Martin Kern is the Joanna and Greg ’84 P13 P18 Zeluck Professor in Asian Studies. His latest book is the first of two volumes of his collected essays in newly revised Chinese translations. The volume includes his principal studies on early Chinese poetry and poetics as well as reflections on methodological and ethical questions in the study of ancient China and on the place of Sinology within comparative studies.
How did you get the idea for this project?
The idea for this book goes back many years. While virtually all my writings get translated quickly into Chinese, the translations inevitably include certain misunderstandings. My English isn't always easy to translate into Chinese, and I use and develop theoretical concepts that don't have a clear counterpart in Chinese. Moreover, my Chinese translations are scattered across many journals and book chapters that cannot easily be tracked by Chinese colleagues and students. Thus, the present book not only brings a particular set of my essays together, it also presents them all in meticulously revised or entirely new translations, thanks to my friend Guo Xi'an 郭西安, associate professor at Fudan University, who is my most insightful reader and who has spent untold hours on getting every sentence of these Chinese essays right, often in close discussion with me. The result is a book of 550 pages with fourteen of my essays on poetry and poetics, chronologically arranged, that date from 1996 through 2022. I want my readers to follow my trajectory over this quarter century and see how certain ideas, methodologies, and hermeneutic procedures have remained fairly consistent over time, but also how they have kept evolving further with every new publication.
How has your project developed or changed throughout the research and writing process?
Initially, around fifteen years ago, I had planned a single volume of my collected essays; but then I just kept writing essay after essay, and they no longer fit within just one book. Thus, we made the decision to have at least two volumes: the present one on poetry and poetics, crossing all genres and major texts of ancient Chinese poetry, and the next one on prose, ancient Chinese writing practices, and the origins and early development of the textual tradition. Furthermore, the present volume closes with two essays that have received particular attention—and generated productive public controversy—in China because they address fundamental methodological issues in the study of early China. The first of these is "Beyond Nativism: Reflections on Methodology and Ethics in the Study of Early China" which was first published in the national intellectual Chinese journal Xueshu yuekan 學術月刊 [Academic Monthly, Shanghai] in 2017; the English version was not published until 2020. The second essay, so far published only in Chinese in the same journal in 2021, is titled "The Challenges of Early China Studies and Comparative Antiquity: A Dialog between Sinology and Comparative Literature" and offers a lengthy conversation with Professor Guo. Finally, the book is framed by my preface and Professor Guo's very substantial postface that is an intellectual tour de force in its own right, mapping out the presence and possible future of a truly global, truly participatory sinological discourse.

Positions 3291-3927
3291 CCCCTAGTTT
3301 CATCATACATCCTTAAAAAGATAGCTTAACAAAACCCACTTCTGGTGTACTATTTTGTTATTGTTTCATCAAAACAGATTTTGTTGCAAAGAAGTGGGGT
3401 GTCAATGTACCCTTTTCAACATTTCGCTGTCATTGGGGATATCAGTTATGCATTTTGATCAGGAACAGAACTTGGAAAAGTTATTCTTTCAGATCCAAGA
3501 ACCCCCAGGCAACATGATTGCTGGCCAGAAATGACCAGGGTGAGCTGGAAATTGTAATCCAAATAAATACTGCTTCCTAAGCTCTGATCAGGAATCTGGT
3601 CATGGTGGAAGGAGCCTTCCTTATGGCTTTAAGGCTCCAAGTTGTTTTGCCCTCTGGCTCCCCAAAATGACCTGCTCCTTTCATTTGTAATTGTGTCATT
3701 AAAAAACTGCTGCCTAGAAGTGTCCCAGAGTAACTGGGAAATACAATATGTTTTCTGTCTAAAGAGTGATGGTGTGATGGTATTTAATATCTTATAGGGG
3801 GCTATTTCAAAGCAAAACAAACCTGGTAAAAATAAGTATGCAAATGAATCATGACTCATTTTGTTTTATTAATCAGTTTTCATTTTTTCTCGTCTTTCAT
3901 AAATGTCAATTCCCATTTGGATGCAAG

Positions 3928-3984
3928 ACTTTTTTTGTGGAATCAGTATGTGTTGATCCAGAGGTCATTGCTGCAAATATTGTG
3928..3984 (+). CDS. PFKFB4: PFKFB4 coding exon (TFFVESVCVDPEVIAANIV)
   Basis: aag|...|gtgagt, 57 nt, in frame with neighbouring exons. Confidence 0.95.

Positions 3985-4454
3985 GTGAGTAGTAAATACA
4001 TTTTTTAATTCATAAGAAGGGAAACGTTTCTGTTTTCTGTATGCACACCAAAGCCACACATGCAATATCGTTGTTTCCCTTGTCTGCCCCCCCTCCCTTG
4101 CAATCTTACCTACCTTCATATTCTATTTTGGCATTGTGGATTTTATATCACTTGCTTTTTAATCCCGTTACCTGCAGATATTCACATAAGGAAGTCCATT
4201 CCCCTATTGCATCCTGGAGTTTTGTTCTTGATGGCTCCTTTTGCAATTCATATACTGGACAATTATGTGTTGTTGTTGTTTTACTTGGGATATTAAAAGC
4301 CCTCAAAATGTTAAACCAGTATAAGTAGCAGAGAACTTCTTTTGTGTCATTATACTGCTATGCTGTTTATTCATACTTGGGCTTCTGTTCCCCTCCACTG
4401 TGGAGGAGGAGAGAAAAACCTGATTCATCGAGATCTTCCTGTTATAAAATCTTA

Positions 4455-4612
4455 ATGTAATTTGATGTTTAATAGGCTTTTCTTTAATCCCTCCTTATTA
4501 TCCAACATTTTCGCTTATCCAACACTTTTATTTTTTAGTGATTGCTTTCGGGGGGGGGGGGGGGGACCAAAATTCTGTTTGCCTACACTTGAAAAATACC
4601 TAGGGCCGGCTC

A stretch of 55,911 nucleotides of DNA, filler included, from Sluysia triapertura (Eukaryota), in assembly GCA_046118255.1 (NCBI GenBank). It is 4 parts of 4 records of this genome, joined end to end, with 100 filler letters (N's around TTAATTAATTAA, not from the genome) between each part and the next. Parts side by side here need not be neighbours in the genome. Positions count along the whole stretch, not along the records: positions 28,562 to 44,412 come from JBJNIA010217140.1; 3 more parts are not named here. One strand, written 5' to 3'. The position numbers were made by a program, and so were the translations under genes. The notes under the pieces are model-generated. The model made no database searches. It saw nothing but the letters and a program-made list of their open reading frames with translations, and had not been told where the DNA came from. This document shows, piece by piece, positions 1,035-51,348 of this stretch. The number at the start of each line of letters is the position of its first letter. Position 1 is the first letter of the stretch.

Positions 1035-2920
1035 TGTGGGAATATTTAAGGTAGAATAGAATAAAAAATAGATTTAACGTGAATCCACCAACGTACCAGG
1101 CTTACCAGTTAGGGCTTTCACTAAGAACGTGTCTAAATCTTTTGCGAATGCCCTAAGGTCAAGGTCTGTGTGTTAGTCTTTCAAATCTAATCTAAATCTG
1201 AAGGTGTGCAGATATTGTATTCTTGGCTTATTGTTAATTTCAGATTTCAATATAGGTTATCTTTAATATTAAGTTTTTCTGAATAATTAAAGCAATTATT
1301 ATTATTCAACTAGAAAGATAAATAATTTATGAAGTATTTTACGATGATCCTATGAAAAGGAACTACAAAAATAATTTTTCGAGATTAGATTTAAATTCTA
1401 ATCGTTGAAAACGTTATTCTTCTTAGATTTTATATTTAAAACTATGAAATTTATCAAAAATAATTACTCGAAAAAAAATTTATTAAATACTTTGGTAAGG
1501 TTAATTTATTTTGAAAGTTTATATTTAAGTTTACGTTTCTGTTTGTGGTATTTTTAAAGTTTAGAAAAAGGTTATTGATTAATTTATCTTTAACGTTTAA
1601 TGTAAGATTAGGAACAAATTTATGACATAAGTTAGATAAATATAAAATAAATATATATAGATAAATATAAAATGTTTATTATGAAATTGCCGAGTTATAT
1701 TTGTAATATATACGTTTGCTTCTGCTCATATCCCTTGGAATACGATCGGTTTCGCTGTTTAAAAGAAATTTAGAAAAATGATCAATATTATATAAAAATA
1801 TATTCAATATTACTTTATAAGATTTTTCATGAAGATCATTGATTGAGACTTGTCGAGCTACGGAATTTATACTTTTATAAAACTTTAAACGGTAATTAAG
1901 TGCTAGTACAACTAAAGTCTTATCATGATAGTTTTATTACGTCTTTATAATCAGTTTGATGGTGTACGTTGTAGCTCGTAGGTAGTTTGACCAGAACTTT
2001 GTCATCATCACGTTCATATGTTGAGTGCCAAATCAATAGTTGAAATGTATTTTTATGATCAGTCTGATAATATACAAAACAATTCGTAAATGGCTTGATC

What questions for future investigation has the project sparked?
Looking back at the trajectory represented in these collected essays, I can see that my work—which is always deeply philological in nature—has become increasingly comparative and increasingly radical in its questioning of even the most basic categories in the study of ancient Chinese texts. What is a text, and how are its limits defined? What is authorship in early China? How can we grapple with the materiality and sociology of text, textual transmission, reception, and performance? What did it mean to "know" a text in ancient China, or to "read" a text, or to "make" a text? In all of this, I have been moving more and more away from traditional ideas about texts as discrete, particular things and artifacts; I now think of them as instantiations and representations of textual practices, always related to specific communities and occasions, that transcend and frequently dissolve the boundaries between individual texts. This is how I would like to continue and also to inspire new work by others, in particular in China.
Why should people read this book?
As it happens, my work is quite controversial in Chinese academia. It lays bare certain methodological and programmatic differences between Chinese and foreign scholarship, but also, and increasingly so, such differences within current Chinese scholarship itself. My hope is that colleagues and students in China will read this collection as an explicit and transparent intervention into their own intellectual practices. And once they are done with that, I hope they'll also be well-prepared for the second volume. My audience in China is many times larger than in North America and Europe.